US FDA hits Chinese API maker with warning after having inspection impeded
According to its website, Beijing Taiyang Pharmaceutical Industry Co. manufactures a number of active pharmaceutical ingredients (APIs) locally and for export to regions including the US from its facility in China’s capital.
But in April the firm was placed under two Import Alerts by the US Food and Drug Administration (FDA), which yesterday published a warning letter sent to the facility following a visit in November 2015, citing numerous deviations from cGMP including attempts by the firm to delay and limit the inspection.
“On November 16, 2015, our investigators observed through a window a warehouse containing numerous drums bearing your company’s label,” the Agency said in the letter.
“When our investigators requested access to this warehouse, you barred them from entering the warehouse to examine the containers or the material in them without giving a reasonable explanation.”
While the inspectors were granted access the following day, they observed a significant number of drums had been removed and were not available for inspection.
“When they asked about the drums they had observed the previous day, you provided no explanation of the whereabouts or contents of the drums,” the letter continued.
“You delayed FDA’s access to the warehouse and limited FDA’s inspection by removing the drums before our investigators could inspect them.”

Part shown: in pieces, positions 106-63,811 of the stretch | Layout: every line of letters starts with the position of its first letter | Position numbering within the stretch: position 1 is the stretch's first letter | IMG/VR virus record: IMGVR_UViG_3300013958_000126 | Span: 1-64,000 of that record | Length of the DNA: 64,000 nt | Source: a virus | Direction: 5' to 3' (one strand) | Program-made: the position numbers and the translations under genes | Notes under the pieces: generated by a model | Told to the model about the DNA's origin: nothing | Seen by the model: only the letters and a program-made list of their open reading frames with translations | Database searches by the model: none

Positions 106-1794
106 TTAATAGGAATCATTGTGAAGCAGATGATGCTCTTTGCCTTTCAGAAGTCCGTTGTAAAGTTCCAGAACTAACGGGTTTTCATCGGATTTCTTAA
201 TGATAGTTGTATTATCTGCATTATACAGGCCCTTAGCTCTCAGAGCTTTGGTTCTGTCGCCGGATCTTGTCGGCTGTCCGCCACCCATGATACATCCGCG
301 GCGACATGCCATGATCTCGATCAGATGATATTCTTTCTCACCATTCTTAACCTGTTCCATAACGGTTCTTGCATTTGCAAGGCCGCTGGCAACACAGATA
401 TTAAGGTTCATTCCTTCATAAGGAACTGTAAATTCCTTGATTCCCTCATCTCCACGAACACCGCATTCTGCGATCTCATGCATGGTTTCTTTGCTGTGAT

Data integrity and China
The API maker was also pulled up on failures to maintain manufacturing and laboratory control records and record all quality-related activities, and was unable to provide batch production records for certain batches during the inspection.
As such the Agency concurred the firm’s “quality system does not adequately ensure the accuracy and integrity of data to support the safety, effectiveness, and quality of the drugs you manufacture,” and has recommended the company recruits a third-party consultant to aid in remediation.
The warning letter is the latest in a number for Chinese and Taiwanese drug and ingredient makers. In July, the Agency released details of two other firms slammed with warnings.
And according to the FDA this is due to increased oversight in the region.
“Drug inspections in China have been increasing,” an FDA spokesperson told us in January. “The Food and Drug Administration Safety and Innovation Act (FDASIA) of 2012 required the FDA to achieve the same inspection schedule for foreign facilities as domestic manufacturers.”